How to choose a subwoofer box
Sealed vs ported vs bandpass — what's the best?
In this article, we'll discuss the different types of subwoofer boxes available, why the box is so important, and help you figure out which is the best subwoofer enclosure for you.
he only way you're really going to get full, rich-sounding bass from your car stereo is to add a subwoofer. Adding a sub to your audio system will greatly improve the fun and impact of your music, no matter what kind of music you listen to.
Generally speaking, there are two bass camps—those who like it “tight” and those who like it “boomy.” The style of bass you prefer ultimately depends on your personal taste—and can even vary depending on the style of music.
Sealed box vs ported box – what's the difference?
The secret to which type of bass you'll get lies in the type of subwoofer box you use. If you prefer bass that's "tight" and focused, go for a sealed box. If you want your bass to boom and you want maximum volume in your music, then you definitely want a ported box.
|Type of subwoofer box||Impact on bass sound|
|Sealed box|| |
|Ported box|| |
What about bandpass boxes?
We'll get to those later...keep reading. First, we'll focus on the two most popular types of subwoofer enclosures.
Sealed boxes – for deep, precise bass
A sealed box is an airtight enclosure housing your subwoofer. A sealed box is best for any music that demands tight, accurate bass. Expect flat response (not excessively boomy), deep bass extension, and excellent power handling. Since a sealed enclosure tends to require more power than a ported box, use an amplifier with ample wattage for optimum performance.
If you want to hear bass, not thunder
Each beat in a tight bass setup plays crisply, accurately, and with no ringing after it hits. The sealed air inside one of these enclosures acts like a shock absorber, smoothly modulating the subwoofer cone's back and forth motion, so all the notes get produced evenly.
A sealed box moderates the cone's movement
Another effect produced by the air pressure behind the cone is that it takes more power to produce the same volume as it would in a comparable ported box. What a sealed sub rarely does is roar, thunder, or boom. That's because a sealed sub has very flat frequency response and tends to play tight, full bass that provides a level low-frequency foundation to your music. Sealed boxes are generally more compact than ported subs, so they fit in more vehicles.
Ported boxes – for forceful bass
Ported boxes use a vent (called a port) to reinforce low bass response. You get more output than you would from a sealed box at any given amplifier wattage. Some people prefer the sound of ported boxes for rock, heavy metal, or any hard-driving music. Ported boxes can deliver deeper bass than sealed boxes, though they need to be much larger than sealed enclosures to accomplish that.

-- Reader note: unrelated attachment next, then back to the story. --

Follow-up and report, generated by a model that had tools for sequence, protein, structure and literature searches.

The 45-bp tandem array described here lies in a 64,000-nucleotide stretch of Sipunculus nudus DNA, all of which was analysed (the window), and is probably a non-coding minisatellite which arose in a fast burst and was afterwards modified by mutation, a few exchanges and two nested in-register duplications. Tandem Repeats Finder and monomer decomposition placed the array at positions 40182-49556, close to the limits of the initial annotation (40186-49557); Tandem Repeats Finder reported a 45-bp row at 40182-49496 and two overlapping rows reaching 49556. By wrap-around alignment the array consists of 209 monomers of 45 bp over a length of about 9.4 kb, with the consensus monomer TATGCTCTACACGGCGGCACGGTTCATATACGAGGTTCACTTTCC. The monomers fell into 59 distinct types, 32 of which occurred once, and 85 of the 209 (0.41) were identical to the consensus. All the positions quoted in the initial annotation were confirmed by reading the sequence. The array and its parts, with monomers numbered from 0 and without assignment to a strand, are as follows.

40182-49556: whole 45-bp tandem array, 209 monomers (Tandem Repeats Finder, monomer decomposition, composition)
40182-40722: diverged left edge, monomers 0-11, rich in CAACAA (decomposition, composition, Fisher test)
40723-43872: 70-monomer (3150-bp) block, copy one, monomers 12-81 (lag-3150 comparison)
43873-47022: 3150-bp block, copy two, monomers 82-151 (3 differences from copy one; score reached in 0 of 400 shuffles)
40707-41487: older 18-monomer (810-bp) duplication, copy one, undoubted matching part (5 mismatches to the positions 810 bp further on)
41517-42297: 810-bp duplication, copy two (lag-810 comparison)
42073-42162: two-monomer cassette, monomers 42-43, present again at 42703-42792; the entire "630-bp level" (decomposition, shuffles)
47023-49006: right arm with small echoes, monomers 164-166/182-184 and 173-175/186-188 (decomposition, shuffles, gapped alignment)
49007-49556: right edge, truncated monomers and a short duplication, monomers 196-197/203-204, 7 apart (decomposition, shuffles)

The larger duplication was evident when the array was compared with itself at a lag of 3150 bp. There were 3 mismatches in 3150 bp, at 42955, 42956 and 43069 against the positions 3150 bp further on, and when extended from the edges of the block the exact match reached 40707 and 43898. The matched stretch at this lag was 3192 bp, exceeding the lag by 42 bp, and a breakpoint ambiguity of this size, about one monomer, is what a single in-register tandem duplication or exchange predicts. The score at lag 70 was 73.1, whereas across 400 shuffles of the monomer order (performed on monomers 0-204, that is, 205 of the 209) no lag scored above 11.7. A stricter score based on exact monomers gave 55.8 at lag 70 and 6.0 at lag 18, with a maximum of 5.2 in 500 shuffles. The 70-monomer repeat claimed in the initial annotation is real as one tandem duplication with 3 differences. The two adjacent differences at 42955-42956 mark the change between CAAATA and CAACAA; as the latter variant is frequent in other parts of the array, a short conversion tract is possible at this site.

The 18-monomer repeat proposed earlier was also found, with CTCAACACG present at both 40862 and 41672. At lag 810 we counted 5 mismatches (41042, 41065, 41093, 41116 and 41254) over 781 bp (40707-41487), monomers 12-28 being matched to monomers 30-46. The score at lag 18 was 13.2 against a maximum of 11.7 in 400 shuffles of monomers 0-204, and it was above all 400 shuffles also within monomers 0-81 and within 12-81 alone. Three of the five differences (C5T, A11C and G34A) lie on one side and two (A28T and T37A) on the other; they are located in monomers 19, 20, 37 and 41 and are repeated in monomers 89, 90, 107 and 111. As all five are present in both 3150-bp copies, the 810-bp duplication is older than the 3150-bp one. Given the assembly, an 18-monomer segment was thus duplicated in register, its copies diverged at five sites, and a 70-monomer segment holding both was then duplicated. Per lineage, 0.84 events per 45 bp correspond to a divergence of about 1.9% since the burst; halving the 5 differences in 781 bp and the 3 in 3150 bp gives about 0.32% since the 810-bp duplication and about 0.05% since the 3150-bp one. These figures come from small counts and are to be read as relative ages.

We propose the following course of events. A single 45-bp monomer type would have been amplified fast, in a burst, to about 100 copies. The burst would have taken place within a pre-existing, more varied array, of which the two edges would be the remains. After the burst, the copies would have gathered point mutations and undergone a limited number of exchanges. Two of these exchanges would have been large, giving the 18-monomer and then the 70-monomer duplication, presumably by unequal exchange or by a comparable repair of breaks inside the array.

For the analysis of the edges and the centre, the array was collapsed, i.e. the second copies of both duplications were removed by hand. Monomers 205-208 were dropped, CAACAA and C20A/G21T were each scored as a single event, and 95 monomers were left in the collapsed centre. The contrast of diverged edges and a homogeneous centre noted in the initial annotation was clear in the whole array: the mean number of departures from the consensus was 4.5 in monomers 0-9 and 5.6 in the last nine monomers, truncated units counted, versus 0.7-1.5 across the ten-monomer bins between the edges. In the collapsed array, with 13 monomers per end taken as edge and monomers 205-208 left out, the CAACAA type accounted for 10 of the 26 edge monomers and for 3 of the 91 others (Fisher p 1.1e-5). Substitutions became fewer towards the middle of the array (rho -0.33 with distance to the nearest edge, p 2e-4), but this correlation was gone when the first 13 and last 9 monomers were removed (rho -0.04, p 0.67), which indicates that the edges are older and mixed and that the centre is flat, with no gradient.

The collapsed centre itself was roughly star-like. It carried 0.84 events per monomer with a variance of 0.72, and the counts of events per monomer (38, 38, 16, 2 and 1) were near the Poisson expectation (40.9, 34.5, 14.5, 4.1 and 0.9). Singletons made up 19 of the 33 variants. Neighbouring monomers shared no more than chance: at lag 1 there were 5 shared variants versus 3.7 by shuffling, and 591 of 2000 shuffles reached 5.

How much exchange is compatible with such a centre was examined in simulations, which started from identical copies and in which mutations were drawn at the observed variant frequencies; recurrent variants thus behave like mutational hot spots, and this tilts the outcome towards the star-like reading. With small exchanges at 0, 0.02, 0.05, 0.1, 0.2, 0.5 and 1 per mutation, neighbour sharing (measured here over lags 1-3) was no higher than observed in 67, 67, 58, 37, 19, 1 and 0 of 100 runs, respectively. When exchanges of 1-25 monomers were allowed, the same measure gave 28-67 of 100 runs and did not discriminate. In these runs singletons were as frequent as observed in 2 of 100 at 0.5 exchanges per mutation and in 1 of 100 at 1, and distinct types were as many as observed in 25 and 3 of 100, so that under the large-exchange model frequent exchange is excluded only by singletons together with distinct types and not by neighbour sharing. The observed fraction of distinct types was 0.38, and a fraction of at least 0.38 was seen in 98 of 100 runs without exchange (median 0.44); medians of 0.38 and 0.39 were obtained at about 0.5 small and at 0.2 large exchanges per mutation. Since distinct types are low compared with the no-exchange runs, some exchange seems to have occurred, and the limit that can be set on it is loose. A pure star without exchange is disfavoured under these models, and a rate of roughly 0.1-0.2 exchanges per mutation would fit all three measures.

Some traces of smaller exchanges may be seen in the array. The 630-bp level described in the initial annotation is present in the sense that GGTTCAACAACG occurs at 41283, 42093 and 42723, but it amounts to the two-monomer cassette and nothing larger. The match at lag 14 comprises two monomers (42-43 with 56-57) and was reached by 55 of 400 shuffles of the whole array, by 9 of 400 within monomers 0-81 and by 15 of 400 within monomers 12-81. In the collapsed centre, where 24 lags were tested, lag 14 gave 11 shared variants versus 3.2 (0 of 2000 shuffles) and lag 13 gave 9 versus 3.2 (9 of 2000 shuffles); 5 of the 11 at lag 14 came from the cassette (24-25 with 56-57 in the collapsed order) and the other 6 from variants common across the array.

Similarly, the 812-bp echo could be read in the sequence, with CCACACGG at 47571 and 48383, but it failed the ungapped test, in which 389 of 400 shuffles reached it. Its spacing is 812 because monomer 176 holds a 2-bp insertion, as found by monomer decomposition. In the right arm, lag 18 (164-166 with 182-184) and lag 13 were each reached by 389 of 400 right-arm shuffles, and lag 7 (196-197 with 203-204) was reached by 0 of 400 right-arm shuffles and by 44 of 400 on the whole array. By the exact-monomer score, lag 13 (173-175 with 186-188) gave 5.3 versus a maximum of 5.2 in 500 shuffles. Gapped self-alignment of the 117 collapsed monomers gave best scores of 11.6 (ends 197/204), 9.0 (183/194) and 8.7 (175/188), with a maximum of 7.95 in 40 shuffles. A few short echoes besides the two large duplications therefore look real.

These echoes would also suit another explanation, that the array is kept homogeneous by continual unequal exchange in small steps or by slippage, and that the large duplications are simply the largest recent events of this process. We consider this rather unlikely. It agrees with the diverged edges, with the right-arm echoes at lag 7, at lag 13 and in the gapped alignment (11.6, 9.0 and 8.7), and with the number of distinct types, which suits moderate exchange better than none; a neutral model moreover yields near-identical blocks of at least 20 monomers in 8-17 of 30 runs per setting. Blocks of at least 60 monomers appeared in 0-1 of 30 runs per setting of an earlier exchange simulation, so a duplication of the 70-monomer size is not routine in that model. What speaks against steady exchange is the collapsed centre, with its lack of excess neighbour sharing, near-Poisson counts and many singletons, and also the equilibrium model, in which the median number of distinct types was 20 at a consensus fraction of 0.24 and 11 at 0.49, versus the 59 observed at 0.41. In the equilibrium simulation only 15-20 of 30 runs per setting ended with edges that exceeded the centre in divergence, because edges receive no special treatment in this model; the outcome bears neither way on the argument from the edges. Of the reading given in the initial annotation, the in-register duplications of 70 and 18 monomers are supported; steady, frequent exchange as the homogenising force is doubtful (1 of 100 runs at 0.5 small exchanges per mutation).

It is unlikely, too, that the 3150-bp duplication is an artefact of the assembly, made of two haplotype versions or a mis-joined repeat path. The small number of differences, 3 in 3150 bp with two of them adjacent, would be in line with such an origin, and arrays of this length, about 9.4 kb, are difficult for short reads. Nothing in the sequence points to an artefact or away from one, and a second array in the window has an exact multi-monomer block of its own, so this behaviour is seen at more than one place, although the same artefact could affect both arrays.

If you want your bass to be loud
Boomy bass has more punch and reverberance in each of its beats. The cone has greater freedom of motion. The port redirects sound from the rear of the cone and adds it to the sound coming from the front, making the bass louder. This increase in efficiency lets you use a smaller amp than you would need with a comparable sealed box to play at the same volume. Another long-term advantage of choosing a ported enclosure is that the air flow keeps the subwoofer cooler, so it will live longer than it would in a sealed box.
Air flowing through the port adds to the boom
Another reason ported subs hit so hard and deep is that the air flowing in and out of the port creates an audio effect like that made by a whistle or blowing across the mouth of a bottle, and that tone adds to and strengthens the note the cone plays. Ported enclosures tend to be much larger than a comparable sealed enclosure, so space availability becomes a factor when deciding on a ported sub.
Bandpass boxes – for maximum slam
A common question we get from subwoofer customers is, "What is a bandpass box?" Bandpass boxes are a special type of ported box designed for maximum slam. The woofer is mounted inside a dual-chambered box (one chamber sealed, the other ported), with the sound waves emerging from the ported side. The sound that comes out of the port is extra loud within a narrow frequency range.
Like a ported box, but louder
Because bandpass boxes are super efficient within that range, they tend to boom. Hard. Their aggressive sound is great for rap, reggae, and hard rock. Not all subwoofers work well in bandpass boxes and they can be tricky to tune. It's usually best to buy a preloaded bandpass box so that you know the woofer and box will work well together.
A free-air system (also called "infinite baffle") consists of woofers mounted to a board attached to the rear deck or placed in the trunk against the rear seat. The trunk of the car acts as an enclosure which houses the subwoofer and isolates sound from the back of the speaker, solving the sound cancellation problem of subs without an enclosure.
Free-air systems save space and have flat frequency response. The woofer must be specifically designed for free-air use. The lack of a box makes them more convenient to install, but their power handling levels are usually much lower than their boxed counterparts.
Watch the video
Crutchfield editor Ken explains how to choose a subwoofer enclosure:
So, when choosing the subwoofer and enclosure for your system, don’t forget to consider what sound qualities you like in the music you listen to, so whether poppin' loud or humming low, you’ll end up getting the kind of bass you want.
Next steps in building your bass system
Now you know why your choice in subwoofer box matters. After deciding what kind of bass sound you want (that is, which type of box), you still need to choose your subwoofer(s). For that, we'll point you to our Subwoofer Buying Guide. If you have any questions or want help selecting your subwoofer or box, give us a shout.